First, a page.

The past two weeks have sparked a new wave of policy focused on racial equity, both in Washington and in New Haven.
President Joe Biden signed multiple executive orders on Jan. 20 and Jan. 26 aiming to advance racial equity at the federal level, including a directive for each agency head to conduct an equity assessment of their department. The administration also nominated a historically diverse sheet of cabinet nominees. In the Elm City, the city aldermanic Health and Human Services Committee approved on Jan. 28 a two-page report with policy recommendations meant to address racism as a public health issue.
The announcements have excited racial justice advocates in New Haven, who hope the White House’s executive orders and the city’s resolution on racism can jumpstart local momentum for systemic change in policy prioritization. Still, the leaders have stressed the need for continued activism despite the introduction of a more sympathetic administration.
“What ends up happening now is that racism goes back to being covert as opposed to overt,” Citywide Youth Coalition Executive Director Addys Castillo, told the News. “Racism still exists. It doesn’t matter who is in a position of authority.”
Castillo said that contemporary concerns of racism should focus on the centuries of discriminatory practices that created the “systems we operate under today.”
Chaz Carmon, the president of the youth anti-violence organization Ice the Beef, expressed support for the early waves of executive actions implemented by the Biden administration that attempt to address systemic racism. He also touted the administration’s dedication to diversity in its cabinet appointments. However, he expressed his concern that the new administration has yet to roll out plans to address two Ice the Beef policy concerns: gun violence and the opioid crisis. He told the News that racial equity depends on a government response to these community issues.
“The sad part is people have been dying in inner city neighborhoods for years and years,” Carmon told the News. “Then when it hits home into the more affluent communities, now it’s a problem.”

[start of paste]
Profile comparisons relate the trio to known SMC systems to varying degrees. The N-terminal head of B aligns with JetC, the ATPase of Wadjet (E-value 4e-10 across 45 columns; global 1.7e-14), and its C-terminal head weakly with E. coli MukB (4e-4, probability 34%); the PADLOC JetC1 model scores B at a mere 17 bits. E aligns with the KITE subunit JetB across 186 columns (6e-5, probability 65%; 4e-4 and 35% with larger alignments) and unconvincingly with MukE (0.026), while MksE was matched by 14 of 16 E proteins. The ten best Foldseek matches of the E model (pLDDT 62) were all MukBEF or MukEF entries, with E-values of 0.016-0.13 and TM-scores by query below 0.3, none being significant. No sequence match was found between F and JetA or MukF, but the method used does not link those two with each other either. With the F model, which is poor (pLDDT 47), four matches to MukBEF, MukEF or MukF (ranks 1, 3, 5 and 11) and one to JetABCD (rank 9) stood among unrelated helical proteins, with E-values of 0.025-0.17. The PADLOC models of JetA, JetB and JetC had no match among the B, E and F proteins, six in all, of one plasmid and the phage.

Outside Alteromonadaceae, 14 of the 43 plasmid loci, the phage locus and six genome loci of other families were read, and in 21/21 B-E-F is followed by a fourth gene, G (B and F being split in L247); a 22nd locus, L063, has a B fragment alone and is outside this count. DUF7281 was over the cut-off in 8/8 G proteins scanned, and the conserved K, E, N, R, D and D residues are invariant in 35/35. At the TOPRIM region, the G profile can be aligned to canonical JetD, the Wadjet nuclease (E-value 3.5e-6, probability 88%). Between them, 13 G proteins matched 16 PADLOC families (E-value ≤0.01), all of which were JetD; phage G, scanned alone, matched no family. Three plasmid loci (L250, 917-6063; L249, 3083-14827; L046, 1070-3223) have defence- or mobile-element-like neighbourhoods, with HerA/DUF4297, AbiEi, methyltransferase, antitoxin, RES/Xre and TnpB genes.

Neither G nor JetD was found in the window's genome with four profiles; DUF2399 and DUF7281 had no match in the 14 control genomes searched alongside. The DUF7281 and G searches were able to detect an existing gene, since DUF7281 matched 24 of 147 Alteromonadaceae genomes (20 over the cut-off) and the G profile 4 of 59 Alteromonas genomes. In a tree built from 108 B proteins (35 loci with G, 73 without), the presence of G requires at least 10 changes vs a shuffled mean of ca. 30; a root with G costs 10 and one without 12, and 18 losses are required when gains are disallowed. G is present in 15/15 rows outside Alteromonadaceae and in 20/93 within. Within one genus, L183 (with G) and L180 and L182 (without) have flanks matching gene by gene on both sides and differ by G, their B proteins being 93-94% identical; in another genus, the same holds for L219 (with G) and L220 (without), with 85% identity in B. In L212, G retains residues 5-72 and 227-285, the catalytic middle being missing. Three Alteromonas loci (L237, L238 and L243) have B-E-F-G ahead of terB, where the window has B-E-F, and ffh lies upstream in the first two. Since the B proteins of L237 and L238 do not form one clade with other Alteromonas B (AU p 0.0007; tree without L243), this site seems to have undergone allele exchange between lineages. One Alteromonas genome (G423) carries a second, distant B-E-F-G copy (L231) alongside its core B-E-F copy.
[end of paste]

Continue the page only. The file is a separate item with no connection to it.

For President of the Greater New Haven NAACP Doris Dumas, the introduction of the new administration promises an opportunity to work with the federal government, instead of against it, as she felt her organization often had to do under the administration of former President Donald Trump. Dumas said she hopes the next four years are an opportunity to address the needs for improved education, housing, health and transportation policy. This focus, she said, would greatly benefit communities of color.
“We’re talking about years and years of disparity,” Dumas told the news. “We’re talking about why we even ended up in this situation and why there’s a disproportionate effect with Black and brown people dying at the highest level.”
All the three leaders expressed optimism for the new administration’s initiatives, though all emphasized that they hope for systematic changes across sectors of society.
“Anti-racism can’t be the new sexy lingo to use,” Castillo told the News. “It just can’t be helping a community. It’s about folks changing the system that they’re a part of.”
In New Haven, the Board of Alders awaits a vote on policy recommendations approved by the board’s Health and Human Services Committee and first created by an aldermanic working group on “racism as a public health issue.” This group was created after the board declared racism a public health issue last July. The board will vote on the resolution on Feb. 16.
Recommendations in the report include COVID-19 testing and vaccinations for all public school staff and students, enhancements to the city’s public transportation to improve access to work sites for underserved communities and expansion of money transfers through the Temporary Assistance for Needy Families, or TANF. Ward 26 Alder Darryl Brackeen, chair of the Health and Human Services Committee, said at the committee meeting that he was pleased the city of New Haven would be moving forward with these policy recommendations.
“We are the first city, might I say probably in the country, to not just declare racism as a public health issue, but to actually fast forward comprehensive recommendations to move forward to this full Board of Alders,” Brackeen said.
Local racial justice leaders welcomed this legislation but told the News that change requires bolder steps.
“It’s not going to be easy at all,” Carmon told the News. “But it’s good they’re making it [racism] a crisis, [racism has] always been a crisis. I just hope there [is] some sound stuff going on after we make it a crisis.”
Castillo also mentioned that if the city is going to address racism as a public health issue, one of the largest ways they can do that is regarding how the city prioritizes funding. He said the city needs to prioritize education, housing, health and health care before continuing to “throw money” at issues including “the over-policing of a city and the overdevelopment of crime.”
The Board of Alders is having their next meeting on Feb. 16.
Alvaro Perpuly | email@example.com